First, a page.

9.       Jesus spent all his time with his disciples, except when he was in private prayer. Discipling is hard work requiring long hours. The Lord wants us to invest ourselves in our children’s hearts, teaching Christ, showing His love.

Deuteronomy 6:5-9 Love the Lord your God with all your heart and with all your soul and with all your strength.  These commandments that I give you today are to be on your hearts.  Impress them on your children. Talk about them when you sit at home and when you walk along the road, when you lie down and when you get up.  Tie them as symbols on your hands and bind them on your foreheads. Write them on the doorframes of your houses and on your gates

10.   Know the true source of joy. It isn’t Facebook likes or accolades the world gives. It isn’t even family, children, or holiday get-togethers, though all of those do bless. Communion with God’s Holy Spirit brings joy. The only true joy. Your gentle and quiet spirit? It comes from joy within.

 I hope this blesses, rather than condemns. Love to you, friends. We can do this.

Friday, December 6, 2013

Homeschool and Mother's Journal, Dec. 5

In my life this week…

My son passed me his strep throat infection, so it's been a week of ibuprofen, and today I started on an antibiotic. As long as I don't let the ibuprofen wear off, I've been able to do full days of mothering, teaching, homemaking, and grocery shopping.

But I"ll have to admit, lying down sounds really, really good.

The strep might have invited something else, but it's too soon to be sure. I'll give some background to help explain.

My youngest daughter, turning five this weekend, was diagnosed with Juvenile Rheumatoid Arthritis at the age of two and a half. It started in one knee and we thought she'd injured it; the swelling was significant. Less than a month later swelling began in the other knee, and it only took minor research for me to learn the difficult news, and make an appointment with a rheumatologist to confirm.

Six months later it began in her left ankle as well, but no more joints are expected. (It's rare to add more joints after the first six months of the disease).

This is an auto-immune disease, and the tendency to develop such diseases is strongly inherited, but it takes an illness or injury to trigger the actual symptoms.

This week, it's seeming like I have rheumatoid arthritis pain in my right ankle. A strep infection is just the thing to trigger rheumatoid arthritis or other auto-immune disease, and this disease hits women between 40 and 60 years old. Hormone fluctuation, like in perimenopause, can be a factor too.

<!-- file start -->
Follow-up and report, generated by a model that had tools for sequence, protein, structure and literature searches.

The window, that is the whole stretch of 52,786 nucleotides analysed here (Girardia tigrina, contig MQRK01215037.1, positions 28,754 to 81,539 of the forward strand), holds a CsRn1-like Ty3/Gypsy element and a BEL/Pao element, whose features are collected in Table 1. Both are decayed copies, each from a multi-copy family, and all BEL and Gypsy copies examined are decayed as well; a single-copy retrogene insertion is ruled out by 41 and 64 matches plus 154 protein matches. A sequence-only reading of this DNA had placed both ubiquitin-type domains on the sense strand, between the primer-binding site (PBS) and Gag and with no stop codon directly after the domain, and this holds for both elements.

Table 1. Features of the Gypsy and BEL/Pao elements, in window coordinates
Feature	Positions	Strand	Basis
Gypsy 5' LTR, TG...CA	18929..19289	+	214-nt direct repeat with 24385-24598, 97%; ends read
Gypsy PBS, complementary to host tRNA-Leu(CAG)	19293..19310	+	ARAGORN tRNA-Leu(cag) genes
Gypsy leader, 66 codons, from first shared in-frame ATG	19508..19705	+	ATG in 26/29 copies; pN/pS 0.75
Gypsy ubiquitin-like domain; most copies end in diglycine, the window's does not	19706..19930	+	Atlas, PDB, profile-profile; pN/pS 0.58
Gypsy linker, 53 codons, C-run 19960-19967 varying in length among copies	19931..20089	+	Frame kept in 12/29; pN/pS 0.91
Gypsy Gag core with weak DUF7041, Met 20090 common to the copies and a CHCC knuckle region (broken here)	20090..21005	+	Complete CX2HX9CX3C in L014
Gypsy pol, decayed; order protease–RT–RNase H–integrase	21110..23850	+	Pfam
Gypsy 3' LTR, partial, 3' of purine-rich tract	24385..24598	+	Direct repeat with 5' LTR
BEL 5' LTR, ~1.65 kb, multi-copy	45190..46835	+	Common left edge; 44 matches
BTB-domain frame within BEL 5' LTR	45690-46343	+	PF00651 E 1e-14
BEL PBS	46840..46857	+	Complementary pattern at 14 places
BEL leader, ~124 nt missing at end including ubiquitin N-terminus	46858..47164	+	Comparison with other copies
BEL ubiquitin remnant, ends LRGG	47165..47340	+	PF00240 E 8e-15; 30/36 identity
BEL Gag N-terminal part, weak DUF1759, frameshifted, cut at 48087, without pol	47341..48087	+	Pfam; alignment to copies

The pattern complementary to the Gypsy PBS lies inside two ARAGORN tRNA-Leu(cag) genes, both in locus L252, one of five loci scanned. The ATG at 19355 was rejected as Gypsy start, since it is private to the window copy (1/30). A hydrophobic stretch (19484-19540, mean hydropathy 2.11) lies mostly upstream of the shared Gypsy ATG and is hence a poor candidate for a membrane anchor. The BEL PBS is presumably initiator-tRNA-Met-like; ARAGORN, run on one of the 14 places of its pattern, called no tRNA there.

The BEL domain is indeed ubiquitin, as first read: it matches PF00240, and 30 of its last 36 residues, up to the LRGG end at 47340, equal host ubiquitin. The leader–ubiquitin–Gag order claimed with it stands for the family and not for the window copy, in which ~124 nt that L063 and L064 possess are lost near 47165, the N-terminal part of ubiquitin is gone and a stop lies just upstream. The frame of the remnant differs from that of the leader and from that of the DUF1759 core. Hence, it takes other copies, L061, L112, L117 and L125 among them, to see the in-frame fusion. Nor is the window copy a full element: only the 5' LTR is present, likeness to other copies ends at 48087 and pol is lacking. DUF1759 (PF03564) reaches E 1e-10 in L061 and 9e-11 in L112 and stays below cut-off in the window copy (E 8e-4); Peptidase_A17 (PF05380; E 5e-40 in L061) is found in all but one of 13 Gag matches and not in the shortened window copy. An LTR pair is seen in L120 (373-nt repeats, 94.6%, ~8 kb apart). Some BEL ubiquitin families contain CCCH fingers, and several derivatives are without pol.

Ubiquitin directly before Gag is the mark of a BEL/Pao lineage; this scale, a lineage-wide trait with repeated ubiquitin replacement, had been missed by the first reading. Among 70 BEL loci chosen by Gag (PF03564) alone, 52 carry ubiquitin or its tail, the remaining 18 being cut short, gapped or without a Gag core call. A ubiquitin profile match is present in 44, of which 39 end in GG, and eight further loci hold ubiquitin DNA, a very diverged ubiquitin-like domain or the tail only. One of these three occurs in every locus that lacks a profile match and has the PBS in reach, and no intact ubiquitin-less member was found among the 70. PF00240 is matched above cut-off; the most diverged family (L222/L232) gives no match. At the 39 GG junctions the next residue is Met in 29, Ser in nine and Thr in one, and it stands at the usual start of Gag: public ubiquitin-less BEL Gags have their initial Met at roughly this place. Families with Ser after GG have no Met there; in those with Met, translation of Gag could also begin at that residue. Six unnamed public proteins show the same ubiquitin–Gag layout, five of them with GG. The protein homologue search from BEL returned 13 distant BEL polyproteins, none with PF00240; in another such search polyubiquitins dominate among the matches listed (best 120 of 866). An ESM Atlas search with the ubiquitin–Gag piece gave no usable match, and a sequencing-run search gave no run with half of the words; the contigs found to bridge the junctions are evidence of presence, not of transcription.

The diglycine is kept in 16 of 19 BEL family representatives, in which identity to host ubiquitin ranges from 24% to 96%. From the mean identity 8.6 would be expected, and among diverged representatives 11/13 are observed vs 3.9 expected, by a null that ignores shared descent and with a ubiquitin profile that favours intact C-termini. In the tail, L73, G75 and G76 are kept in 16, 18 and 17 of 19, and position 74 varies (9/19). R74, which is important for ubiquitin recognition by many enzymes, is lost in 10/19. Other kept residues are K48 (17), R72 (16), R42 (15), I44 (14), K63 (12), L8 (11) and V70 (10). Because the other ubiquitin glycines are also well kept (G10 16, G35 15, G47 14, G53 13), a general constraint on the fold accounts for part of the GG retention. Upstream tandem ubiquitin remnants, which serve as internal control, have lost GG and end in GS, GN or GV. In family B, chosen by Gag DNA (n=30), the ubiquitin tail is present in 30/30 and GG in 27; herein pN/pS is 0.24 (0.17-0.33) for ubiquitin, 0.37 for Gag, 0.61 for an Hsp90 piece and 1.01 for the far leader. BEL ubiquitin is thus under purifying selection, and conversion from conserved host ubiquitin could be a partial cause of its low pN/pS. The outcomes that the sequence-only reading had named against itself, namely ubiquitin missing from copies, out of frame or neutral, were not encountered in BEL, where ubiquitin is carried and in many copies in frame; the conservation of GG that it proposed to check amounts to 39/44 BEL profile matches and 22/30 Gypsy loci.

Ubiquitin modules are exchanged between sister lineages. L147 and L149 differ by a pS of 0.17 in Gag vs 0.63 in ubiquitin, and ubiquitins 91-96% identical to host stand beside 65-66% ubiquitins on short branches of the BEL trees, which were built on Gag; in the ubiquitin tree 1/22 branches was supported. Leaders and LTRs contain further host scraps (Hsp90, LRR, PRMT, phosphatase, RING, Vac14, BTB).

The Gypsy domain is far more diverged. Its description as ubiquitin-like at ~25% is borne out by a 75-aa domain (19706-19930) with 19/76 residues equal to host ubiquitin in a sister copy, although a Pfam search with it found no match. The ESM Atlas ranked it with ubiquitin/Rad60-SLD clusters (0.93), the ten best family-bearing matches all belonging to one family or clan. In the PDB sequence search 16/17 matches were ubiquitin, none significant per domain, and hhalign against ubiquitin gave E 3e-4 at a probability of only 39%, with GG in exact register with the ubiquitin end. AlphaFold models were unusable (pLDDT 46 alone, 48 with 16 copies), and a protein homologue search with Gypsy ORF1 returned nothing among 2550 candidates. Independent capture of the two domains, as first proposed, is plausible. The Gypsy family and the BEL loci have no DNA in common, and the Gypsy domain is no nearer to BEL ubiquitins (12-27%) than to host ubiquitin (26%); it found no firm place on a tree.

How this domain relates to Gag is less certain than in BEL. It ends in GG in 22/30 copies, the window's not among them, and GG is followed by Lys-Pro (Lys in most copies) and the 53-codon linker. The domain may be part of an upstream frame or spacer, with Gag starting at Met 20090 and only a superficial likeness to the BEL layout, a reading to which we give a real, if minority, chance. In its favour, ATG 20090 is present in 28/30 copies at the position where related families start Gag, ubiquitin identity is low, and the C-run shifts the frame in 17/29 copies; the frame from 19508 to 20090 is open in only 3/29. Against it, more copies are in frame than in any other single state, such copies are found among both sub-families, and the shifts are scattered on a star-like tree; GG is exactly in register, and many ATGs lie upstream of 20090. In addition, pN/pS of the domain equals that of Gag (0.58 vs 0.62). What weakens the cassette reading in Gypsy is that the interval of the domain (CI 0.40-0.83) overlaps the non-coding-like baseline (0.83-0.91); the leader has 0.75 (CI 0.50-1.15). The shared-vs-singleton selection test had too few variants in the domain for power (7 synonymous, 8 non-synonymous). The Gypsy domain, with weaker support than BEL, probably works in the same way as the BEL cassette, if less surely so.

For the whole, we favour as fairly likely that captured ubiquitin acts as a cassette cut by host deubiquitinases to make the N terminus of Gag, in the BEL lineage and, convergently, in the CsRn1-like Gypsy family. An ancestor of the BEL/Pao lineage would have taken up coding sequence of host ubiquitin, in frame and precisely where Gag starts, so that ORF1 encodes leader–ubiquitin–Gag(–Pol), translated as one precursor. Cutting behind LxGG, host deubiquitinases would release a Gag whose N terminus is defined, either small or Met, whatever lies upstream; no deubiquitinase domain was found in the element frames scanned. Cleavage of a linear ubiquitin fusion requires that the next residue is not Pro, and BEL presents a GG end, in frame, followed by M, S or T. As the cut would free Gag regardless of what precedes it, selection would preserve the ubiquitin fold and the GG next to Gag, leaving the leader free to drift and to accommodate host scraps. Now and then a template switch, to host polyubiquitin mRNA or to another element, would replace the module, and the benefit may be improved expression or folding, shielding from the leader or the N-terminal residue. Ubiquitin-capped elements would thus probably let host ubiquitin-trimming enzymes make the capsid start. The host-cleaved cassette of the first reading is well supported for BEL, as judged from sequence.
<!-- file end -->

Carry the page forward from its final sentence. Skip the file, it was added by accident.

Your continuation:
I don't have health insurance right now, so my first plan of action is to watch it and see if it continues to behave as my daughter's disease does, with pain being worse in the morning and after periods of sitting. Also, if the swelling persists for another couple days, I will start on daily naprosen (anti-inflammatory), which is one of my daughter's treatment drugs. Failing to treat the swelling eventually leads to joint damage.

Adults with rheumatoid arthritis can get ugly, deformed joints, but this is not a feature of Juvenile Rheumatoid Arthritis. My daughter has opportunity, statistically speaking (50%), to grow out of her arthritis before puberty or in her teens. Adults never grow out of RA, but it can go into remission with the use of serious drugs, like methotrexate (an immunosuppressant drug commonly used to fight cancer and rheumatoid arthritis), which my daughter is on.

This is something I'm mostly pushing out of my mind as I go about my day, as you can imagine, but when I realized what it could be (I did not injure my ankle recently, or ever before), I can't say I was surprised. There are extended family members (maternal aunt and her daughter) with MS, which is also auto-immune.

With four kids and homeschooling and homemaking, all I can do is push the unpleasant things aside, and arm myself with Scripture and prayer, knowing the Lord has a plan.

 In our homeschooling this week…

Sonlight Photo

The boys, 10 and 11, are reading three missionary books for the China portion of Sonlight's Eastern Hemisphere curriculum: Mission to Cathay, by Madeleine Polland, God's Adventurer by Phyllis Thompson, and Eric Liddell: Something Greater Than Gold, by the Benges. They read a chapter a day in each, and Momma assigned them A Christmas Carol, by Charles Dickens, which they're reading at a rate of 10 pages a day.

God's Adventurer   -     By: Phyllis Thompson

Eric Liddell: Something Greater Than Gold   -     By: Janet Benge, Geoff Benge

A Christmas Carol  -     By: Charles Dickens, Dean Morrissey, Stephen Krensky

We've also read these Christmas books as a family:

Christmas Tree Farm

Christmas Tree Farm, by Ann Purmell

This is an enjoyable book that will give your primary science curriculum a decidedly Christmasy flare.

School Library Journal Synopsis: A boy tells how his family's Christmas tree farm requires yearlong work, from planting seedlings to weeding, pruning, measuring, cutting, and baling. Energetic, naive gouache-and-acrylic illustrations accompany the narrative, which will give children an inside look at the workings of a family-owned business.